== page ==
In the south side of Richmond, Branch's Baptist Church had a problem. With attendance lower than in the past, the expansive parking lots surrounding the church no longer filled up on Sundays. Because those same parking lots create polluted runoff during heavy rains, the church was required to pay about $600 per month in stormwater fees to the City of Richmond.
What's more, on hot summer days the asphalt surrounding the church absorbed and radiated heat. Research shows that paved-over, treeless stretches of Richmond can be up to 16 degrees hotter in the summer than leafier parts of the city. People living in those areas suffer disproportionately from extreme heat. City-wide, the issue has gained significant attention.
The church found a solution by looking to nature. Working with CBF, church members recently removed nearly 23,000 square feet of asphalt and concrete and are planting the once-paved areas with trees. The church grounds are now greener and more beautiful, and there are still plenty of parking spaces for congregants. Because the project significantly reduces polluted runoff to the James River, the city cut the church's stormwater fee in half, saving them thousands of dollars a year.
"We might have had different reasons for doing this project, but we had the same goal—to stop some of that stormwater runoff," said Jerry Smith, facilities chairman for Branch's Baptist Church. "I wanted us to pay less in stormwater fees, CBF was focused on the benefits to the environment. This was a win for everyone."
This isn't the first time Branch's Baptist Church has teamed up with CBF. In 2018, volunteers from the church and community worked with CBF to plant more than 100 trees on church grounds with help from a Virginia Department of Forestry grant.
This year's work at the church built on that effort. A National Fish and Wildlife Foundation Small Watershed Grant to CBF is supporting the Greening Southside Richmond Project, which is planting trees to reduce runoff and cool some of Richmond's hottest neighborhoods. As part of that project, the effort at Branch's Baptist removed asphalt and concrete from three areas:
- A 14,400 square-foot portion of parking lot that is already replanted with 12 native trees;
- A 3,300 square-foot strip between parking spaces where river birch will shade cars that would otherwise heat up in the sun. During rain, runoff from the church's roof flows into this strip and across a series of rocky wells and trenches, where the water is absorbed into the earth rather than sending polluted runoff into streams that flow into the James River, and;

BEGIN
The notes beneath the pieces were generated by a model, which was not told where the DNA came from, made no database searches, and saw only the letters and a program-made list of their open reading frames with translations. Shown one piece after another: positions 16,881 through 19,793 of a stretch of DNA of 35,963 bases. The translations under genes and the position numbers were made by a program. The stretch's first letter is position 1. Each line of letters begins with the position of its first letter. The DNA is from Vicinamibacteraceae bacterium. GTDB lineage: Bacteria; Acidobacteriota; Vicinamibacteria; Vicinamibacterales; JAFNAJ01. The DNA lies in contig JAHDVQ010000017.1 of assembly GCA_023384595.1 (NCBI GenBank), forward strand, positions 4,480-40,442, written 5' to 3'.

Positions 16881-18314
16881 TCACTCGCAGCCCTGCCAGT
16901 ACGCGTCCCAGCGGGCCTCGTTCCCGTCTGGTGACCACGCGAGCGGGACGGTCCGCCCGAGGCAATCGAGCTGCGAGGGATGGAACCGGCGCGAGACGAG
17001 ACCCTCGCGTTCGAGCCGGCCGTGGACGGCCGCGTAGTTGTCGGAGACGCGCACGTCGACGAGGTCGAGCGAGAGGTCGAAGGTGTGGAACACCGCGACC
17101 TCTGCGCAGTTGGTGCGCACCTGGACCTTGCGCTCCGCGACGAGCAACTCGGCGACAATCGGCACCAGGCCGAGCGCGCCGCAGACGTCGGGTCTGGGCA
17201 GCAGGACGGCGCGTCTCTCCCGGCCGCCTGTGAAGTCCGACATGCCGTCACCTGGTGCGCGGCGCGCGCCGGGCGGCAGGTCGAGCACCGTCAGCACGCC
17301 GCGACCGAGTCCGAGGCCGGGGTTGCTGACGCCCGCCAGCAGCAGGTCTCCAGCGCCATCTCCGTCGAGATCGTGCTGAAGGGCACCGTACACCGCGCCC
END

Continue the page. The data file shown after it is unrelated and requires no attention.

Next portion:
- A nearly 5,000 square-foot unused basketball court that will be reforested this fall with native tree species.
The parking lot transformation was an impressive process. Heavy machinery first broke up the concrete and asphalt and hauled it away. The poor, compacted soil beneath the pavement now had to be brought back to life.
A backhoe spread a four-inch layer of compost on the previously paved areas, mixing it with the compacted soil to a depth of 24 inches. Over the former basketball court, a one-inch layer of biochar was mixed in. This charcoal-like substance helps create healthy soil where plants can grow better.
Design work by AMT, an engineering firm, and construction by contractor Exact Stormwater Management, in coordination with the City of Richmond, ensured success. Richmond's Parks and Recreation Department completed the remediation work on the basketball court.
While the remediation of the basketball court was taking place outside, experts from the Virginia Department of Forestry led a workshop at the site attended by forestry and urban planning professionals, who were all interested in how to cool and beautify cities by planting trees in once-paved-over spaces.
While the transformation of the Branch's Baptist Church parking lot is a big deal for the church, it's still a drop in the bucket amidst the miles of concrete and asphalt in Richmond's southside.
But the newly planted trees are an inspiration for what's possible. By reclaiming unused paved areas and planting them with life-giving trees, the church is serving as an important model for how to create a cooler, greener, and healthier place for people living in south Richmond while also restoring the James River.